The Ideal Friendship The friendship between Adele Ratigonlle and Edna Pontellier is perhaps one of the purest relationships in The Awakening. Kate Chopin places their relationship as an important factor to the story and to Enda’s character. The relationship between the two survives into the end of the book despite Enda and Adele being displayed as near opposites by that point. Adele is a happy, organized, house wife who enjoys her children and finds purpose in this lifestyle. Edna is juxtaposed as depressed, impulsive, and longs for independence as well as freedom from the responsibilities of her normal life.
However, this determination sometimes appears to be obsessive to the point of running her daughter’s life for her. Regardless, she is only trying to help, as she encourages Jing Mei by asserting “‘You can be best anything.’” (1). Because of this, it suggests that although she is very harsh on her daughter at times, it is only to make sure that Jing Mei can use her full potential and not end up losing everything like her
She even committed suicide due to the fact of how badly she needed to free herself from the Creole lifestyle. Edna, a remarkable lady in a sense, rebelled against the norms of society to openly be herself. People like Edna, or people brave enough to take a chance to change societal norms, come rare to find, especially during the late 1800’s. Edna never agreed to anything she did not want, after the marriage to Leonce, and was quite straight-forward with her desires. Edna, ideally, is a great role model to look up to in today’s world for filling that brave, young woman role to not let society shape her, despite the few occurrences she had intimate moments with multiple men or her carelessness towards her children.
A mother and daughter are expected to always get along, and a daughter is expected to always respect her mother. Anne Frank and her mother, Edith, have a very complicated relationship. At times, Anne and her mother do not have the expected relationship, and their reality is that Anne sometimes disrespects and does not get along with her mother. Anne acknowledges their relationship when she says, “I simply can’t stand Mother, and I have to force myself not to snap at her all the time and to stay calm when I’d rather slap her across the face. I don’t know why I’ve taken such a terrible dislike to her” (Frank 51).
Turtle is very good at tricking people an example is when she takes the blame for the bombings so Angela won't have to, losing her important braid in the process. Turtle is a good sister, and she tries to be a good daughter but her mother seems to prefer her sister over her no matter what she does. Her mother may treat her like the lesser child that has only made Turtle strong where Angela's weak and confident in ways the other women in her family are not. Turtle also makes every one of the heir’s believe that the game was not won by anyone so that they would stop playing and she could win the game. Convinces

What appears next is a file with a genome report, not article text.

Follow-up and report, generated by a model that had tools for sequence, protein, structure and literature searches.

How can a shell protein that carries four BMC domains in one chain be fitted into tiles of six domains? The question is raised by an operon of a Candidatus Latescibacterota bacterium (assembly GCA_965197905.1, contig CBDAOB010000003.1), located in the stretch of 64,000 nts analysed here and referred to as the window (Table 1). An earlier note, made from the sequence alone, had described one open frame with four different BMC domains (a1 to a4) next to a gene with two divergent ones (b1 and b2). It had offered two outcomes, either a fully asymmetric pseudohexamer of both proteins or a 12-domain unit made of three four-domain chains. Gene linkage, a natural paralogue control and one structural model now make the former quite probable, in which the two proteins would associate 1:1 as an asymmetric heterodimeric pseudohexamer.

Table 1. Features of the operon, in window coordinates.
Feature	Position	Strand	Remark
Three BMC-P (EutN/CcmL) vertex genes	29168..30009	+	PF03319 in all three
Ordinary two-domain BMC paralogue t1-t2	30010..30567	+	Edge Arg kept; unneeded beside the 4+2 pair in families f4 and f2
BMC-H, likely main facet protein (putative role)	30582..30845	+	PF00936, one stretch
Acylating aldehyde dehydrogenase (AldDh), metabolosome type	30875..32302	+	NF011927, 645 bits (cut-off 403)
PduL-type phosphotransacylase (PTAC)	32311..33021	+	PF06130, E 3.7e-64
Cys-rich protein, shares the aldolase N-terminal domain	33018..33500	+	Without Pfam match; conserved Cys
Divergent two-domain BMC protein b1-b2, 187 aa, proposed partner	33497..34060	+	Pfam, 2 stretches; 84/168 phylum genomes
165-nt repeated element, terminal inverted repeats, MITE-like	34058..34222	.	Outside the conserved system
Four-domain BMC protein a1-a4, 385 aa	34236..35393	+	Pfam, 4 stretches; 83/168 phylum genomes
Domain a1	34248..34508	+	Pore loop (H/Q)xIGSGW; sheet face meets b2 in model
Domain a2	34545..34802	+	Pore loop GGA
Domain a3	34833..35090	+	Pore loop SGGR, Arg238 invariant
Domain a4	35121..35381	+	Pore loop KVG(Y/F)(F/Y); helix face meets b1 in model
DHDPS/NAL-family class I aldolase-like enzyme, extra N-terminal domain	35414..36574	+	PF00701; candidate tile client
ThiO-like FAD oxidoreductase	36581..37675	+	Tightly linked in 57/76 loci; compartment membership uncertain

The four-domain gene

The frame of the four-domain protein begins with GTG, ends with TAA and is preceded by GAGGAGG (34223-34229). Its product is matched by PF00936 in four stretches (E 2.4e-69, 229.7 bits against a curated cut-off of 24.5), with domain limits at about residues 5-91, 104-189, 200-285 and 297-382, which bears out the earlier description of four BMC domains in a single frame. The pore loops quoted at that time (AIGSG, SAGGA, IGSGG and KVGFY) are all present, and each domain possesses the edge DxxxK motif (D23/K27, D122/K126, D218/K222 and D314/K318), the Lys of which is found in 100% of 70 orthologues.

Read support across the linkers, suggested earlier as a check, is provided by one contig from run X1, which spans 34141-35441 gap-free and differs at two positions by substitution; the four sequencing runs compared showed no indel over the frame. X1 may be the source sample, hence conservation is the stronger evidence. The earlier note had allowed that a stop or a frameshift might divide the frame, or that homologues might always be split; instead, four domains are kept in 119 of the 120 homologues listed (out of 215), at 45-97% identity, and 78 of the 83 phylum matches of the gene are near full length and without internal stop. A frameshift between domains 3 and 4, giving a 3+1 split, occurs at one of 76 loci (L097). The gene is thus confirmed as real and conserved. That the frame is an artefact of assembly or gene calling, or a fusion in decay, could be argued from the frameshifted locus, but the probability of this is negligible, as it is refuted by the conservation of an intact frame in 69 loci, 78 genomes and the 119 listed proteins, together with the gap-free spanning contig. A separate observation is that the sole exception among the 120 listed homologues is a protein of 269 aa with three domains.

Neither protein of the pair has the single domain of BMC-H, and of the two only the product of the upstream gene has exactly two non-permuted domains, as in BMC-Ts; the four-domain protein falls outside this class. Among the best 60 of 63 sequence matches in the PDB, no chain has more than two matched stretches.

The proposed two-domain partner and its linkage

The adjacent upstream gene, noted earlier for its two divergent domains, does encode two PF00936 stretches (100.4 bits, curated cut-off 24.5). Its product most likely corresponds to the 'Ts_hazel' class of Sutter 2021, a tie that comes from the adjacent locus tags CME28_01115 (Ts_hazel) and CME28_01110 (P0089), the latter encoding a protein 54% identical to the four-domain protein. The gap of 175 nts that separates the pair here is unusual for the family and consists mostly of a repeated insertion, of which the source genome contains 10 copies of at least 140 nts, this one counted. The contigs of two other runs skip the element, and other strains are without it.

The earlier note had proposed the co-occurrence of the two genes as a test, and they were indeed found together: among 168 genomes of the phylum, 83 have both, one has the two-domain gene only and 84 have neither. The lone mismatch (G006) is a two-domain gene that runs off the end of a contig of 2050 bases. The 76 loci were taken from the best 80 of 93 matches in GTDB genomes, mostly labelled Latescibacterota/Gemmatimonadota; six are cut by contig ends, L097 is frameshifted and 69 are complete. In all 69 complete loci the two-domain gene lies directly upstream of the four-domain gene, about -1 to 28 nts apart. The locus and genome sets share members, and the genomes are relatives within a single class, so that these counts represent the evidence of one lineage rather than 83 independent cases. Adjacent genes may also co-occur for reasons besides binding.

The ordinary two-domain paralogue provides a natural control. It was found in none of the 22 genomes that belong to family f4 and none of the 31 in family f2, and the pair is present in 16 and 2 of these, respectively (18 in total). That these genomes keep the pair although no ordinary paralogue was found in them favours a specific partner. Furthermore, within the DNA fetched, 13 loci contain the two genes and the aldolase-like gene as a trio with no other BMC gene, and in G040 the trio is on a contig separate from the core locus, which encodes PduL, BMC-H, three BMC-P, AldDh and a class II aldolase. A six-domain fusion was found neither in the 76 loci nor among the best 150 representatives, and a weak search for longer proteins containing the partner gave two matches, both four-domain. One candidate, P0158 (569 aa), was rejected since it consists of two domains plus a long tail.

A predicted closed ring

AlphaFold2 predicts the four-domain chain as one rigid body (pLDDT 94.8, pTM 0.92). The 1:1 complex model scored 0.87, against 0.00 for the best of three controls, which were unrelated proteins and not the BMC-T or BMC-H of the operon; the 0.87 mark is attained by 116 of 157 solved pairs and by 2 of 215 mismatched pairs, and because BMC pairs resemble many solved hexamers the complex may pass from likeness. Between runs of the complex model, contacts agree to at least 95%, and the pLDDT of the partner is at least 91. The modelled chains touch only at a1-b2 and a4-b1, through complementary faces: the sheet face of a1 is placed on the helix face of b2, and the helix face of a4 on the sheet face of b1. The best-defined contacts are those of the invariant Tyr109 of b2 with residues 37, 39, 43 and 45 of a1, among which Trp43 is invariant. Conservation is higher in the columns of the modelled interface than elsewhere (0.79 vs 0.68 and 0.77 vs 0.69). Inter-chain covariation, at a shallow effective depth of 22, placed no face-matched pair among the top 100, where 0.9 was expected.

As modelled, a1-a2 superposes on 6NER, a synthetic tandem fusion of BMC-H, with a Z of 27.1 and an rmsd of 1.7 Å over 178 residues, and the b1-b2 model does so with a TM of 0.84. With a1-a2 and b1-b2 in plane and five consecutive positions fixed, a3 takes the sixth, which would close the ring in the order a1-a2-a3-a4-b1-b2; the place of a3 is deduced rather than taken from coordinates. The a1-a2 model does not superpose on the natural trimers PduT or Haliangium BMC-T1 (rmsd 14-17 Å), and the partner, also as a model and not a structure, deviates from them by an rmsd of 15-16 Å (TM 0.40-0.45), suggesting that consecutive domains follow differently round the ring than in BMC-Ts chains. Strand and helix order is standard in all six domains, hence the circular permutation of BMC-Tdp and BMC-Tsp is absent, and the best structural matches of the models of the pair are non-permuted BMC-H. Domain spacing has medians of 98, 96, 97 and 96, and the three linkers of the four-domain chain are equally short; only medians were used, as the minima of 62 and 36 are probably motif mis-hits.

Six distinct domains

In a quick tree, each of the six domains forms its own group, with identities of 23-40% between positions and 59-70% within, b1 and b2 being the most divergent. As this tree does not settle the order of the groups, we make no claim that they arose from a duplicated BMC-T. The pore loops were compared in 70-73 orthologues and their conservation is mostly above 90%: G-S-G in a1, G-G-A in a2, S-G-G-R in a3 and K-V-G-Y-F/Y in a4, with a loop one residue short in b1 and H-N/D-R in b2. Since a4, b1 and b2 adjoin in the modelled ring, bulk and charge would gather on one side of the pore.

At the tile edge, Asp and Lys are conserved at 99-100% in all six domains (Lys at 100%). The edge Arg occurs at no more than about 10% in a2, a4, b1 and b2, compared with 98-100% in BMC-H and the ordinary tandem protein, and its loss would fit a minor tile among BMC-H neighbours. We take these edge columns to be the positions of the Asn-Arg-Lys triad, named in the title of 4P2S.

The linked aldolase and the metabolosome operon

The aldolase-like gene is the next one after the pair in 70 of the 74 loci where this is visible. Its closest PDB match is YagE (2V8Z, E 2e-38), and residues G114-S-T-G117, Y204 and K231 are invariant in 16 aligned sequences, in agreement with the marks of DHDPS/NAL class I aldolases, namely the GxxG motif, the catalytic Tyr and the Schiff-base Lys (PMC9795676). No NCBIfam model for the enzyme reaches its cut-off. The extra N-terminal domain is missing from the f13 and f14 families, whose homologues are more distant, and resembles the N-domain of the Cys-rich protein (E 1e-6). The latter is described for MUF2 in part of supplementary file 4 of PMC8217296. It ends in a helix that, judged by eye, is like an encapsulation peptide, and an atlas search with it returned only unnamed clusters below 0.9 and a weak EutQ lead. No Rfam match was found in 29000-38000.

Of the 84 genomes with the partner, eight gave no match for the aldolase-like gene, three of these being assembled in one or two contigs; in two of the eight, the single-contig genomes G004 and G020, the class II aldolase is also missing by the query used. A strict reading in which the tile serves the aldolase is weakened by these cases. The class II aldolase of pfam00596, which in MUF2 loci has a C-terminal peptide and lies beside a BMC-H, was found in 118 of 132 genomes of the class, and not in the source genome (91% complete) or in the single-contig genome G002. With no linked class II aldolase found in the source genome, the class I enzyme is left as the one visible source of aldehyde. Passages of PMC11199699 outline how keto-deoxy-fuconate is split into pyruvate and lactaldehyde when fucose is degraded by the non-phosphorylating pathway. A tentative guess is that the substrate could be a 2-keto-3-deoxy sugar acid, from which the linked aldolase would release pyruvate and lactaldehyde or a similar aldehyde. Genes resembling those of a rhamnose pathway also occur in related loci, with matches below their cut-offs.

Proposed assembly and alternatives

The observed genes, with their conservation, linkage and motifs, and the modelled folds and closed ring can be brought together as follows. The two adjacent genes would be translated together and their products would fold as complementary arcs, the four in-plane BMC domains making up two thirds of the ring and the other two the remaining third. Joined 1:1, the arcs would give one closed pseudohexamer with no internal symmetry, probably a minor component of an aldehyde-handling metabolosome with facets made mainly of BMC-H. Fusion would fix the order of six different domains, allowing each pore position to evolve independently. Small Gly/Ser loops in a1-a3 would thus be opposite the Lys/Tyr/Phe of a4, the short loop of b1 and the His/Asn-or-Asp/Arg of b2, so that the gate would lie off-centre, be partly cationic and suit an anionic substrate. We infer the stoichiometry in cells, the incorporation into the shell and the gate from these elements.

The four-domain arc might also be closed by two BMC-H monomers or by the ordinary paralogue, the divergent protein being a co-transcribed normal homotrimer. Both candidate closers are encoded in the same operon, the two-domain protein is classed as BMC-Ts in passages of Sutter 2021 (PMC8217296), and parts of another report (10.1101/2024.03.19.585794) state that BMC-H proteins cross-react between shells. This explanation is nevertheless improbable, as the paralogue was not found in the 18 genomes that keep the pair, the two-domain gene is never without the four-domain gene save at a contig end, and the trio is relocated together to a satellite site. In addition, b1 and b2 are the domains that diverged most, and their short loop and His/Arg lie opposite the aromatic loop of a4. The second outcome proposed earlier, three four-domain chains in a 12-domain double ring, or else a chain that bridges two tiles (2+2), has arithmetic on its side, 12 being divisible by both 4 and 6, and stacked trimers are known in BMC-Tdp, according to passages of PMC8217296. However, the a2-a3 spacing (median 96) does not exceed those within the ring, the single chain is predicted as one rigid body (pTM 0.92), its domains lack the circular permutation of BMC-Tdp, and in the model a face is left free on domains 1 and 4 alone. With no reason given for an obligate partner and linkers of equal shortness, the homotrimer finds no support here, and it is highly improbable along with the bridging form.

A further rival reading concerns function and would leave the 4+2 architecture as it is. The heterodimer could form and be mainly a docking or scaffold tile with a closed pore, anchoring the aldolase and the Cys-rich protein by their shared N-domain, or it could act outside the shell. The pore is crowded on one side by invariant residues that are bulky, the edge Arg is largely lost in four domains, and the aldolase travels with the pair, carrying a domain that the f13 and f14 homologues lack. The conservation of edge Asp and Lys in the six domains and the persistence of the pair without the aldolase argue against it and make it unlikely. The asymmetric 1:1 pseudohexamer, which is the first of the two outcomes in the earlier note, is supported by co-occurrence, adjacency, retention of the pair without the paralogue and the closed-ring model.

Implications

She protested that even though she is a girl, she can be as magnificent as the other boy were perhaps even better. Yet during that time, society struggled to find that argument. In the quote lies the whole premises of Dillard's memoir. She had loved, not people but the place she grew up, and she loved the place where her glory was
In the story Where are you going, where have you been Connie, her mother and sister all have competitive relationships. Her mother says “Stop gawking at yourself.Who are you? You think you are so pretty?” to Connie after seeing Connie look at her own face maybe because her mother 's “looks were gone and that was why she was after Connie”(Oates 1). Her mother is jealous of her daughter, and because of that their relationship is weak. This is shown by the author’s choice of tone and usage of rhetorical phrases emphasizing on the point that their relationship is not family like.
Frieda is outspoken, courageous and wise. She is parallel to her mother who has raised two children whom she taught to love themselves unconditionally. Self-appreciation is a valuable instrument that the girls inherited, but Pecola does not realize her own worth throughout the story which contributes to her gradual demise. Eugenia "Skeeter" Phelan becomes another example of a girl who
She made Temple realized that she deserved that normal life despite her disability. Eustacia also believed that her daughter can also accomplish great achievements and can conquer her frailty in order to have a successful life. In the last part of the movie, the important role of loved ones in overcoming any infirmities, such as autism, was also stressed out. Temple emphasized in her